CSS Tutorial for Beginners



code editor colorThe secret sauce of HTML

CSS stands for “Cascading Style Sheet”, and in short, CSS describes how HTML elements are to be displayed on screen, paper, or in other media.

Although a little technical, CSS is very easy to learn.

CSS Syntax

A CSS rule-set consists of a selector and a declaration block, and each declaration is made up of a property and a value:

CSS Tutorial for Beginners

Here is how they work:

  1. The selector points to the HTML element you want to style.
  2. The declaration block contains one or more declarations separated by semicolons.
  3. Each declaration includes a CSS property name and a value, separated by a colon.
  4. A CSS declaration always ends with a semicolon, and declaration blocks are surrounded by curly braces.

There are too many selector and declaration combinations to memorize, therefore we will focus on learning the basics.

CSS Comments

Just like with HTML, you can “comment” inside the CSS file to make annotations. I also use them to “suspend” declarations or entire selectors.

A CSS comment starts with /* and ends with */. Comments can also span multiple lines, and this is how it may look:

Selectors

There are selectors for most HTML tags, and any well designed website makes use of all of them.

You don’t have to memorize their names, but learn their function and how to implement them.

We can divide CSS selectors into five categories:

  • Simple selectors (select elements based on element, class, id). There can also be universal declarations or declarations for groups of selectors.
  • Combinator selectors (select elements based on a specific relationship between them)
  • Pseudo-class selectors (select elements based on a certain state)
  • Pseudo-elements selectors (select and style a part of an element)
  • Attribute selectors (select elements based on an attribute or attribute value)

This section will focus on the most commonly used Simple Selectors.

  1. Universal Selector
  2. Grouping Selector
  3. Element Selector
  4. Class Selector
  5. ID Selector

1. Universal Selector

The Universal Selector (*) selects all HTML elements on the page.

Since it’s a Universal Selector, there’s no need to implement in HTML.

What this means is that every HTML element will be aligned to the left, and any text will be blue.

2. Grouping Selector

The grouping selector selects all the HTML elements with the same style declarations.

Instead of having these many selectors with the same declarations…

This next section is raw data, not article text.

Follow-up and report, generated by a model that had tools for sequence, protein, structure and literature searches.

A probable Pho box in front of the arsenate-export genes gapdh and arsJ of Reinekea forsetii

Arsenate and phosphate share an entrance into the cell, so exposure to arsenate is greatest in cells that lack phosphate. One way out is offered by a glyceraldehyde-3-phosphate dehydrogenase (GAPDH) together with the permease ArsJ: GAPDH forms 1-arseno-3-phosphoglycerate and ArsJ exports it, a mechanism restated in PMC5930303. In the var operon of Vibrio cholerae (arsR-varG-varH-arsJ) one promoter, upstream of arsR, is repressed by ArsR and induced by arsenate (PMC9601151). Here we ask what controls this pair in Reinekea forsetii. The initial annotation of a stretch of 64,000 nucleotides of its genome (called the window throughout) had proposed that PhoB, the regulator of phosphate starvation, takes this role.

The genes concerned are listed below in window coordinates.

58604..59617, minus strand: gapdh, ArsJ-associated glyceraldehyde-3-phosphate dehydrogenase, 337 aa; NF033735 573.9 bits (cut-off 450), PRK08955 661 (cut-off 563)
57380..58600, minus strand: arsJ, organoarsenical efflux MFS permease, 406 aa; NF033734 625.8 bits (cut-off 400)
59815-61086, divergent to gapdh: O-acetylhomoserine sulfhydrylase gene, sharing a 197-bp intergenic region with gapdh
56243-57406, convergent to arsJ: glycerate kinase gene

It will be better to group them to minimize the code.

To group selectors, separate each selector with a comma.

3. Element Selector

Also referred to simply as a “type selector,” this selector must match one or more HTML elements of the same name. Thus, a selector of h1 would match all HTML h1 unstyled elements.

The Element Selector declaration will be applied to any h1 element, and will override universal selectors.

In this example any h1 element will be displayed in red and centered, as opposed to aligned to the left and blue.

4. Class Selectors

The Class Selector selects HTML elements with a specific class attribute.

To select elements with a specific class, write a period (.) character, followed by the class name.

You can use one or more Class Selectors per class attribute. Unlike ID Selectors, you can use the same Class Selector as many times as necessary on a single page. Class selectors will also override both Universal and Element Selectors.

In this example, the h1 element will be aligned to the right, measure 50px and displayed in yellow.

5. ID Selectors

Limitations:

  • The id selector uses the id attribute of an HTML element to select a specific element.
  • The id of an element is unique within a page, so the id selector is used to select one unique element!
  • To select an element with a specific id, write a hash (#) character, followed by the id of the element.

This is what an ID selector looks like:

This is how it’s implemented:

These type of selectors are usually combined with a JavaScript function.

External CSS

Let’s say you have the following HTML tags that use an external CSS file:

And these are their CSS declarations:

You can add any number of declarations to any available selector.





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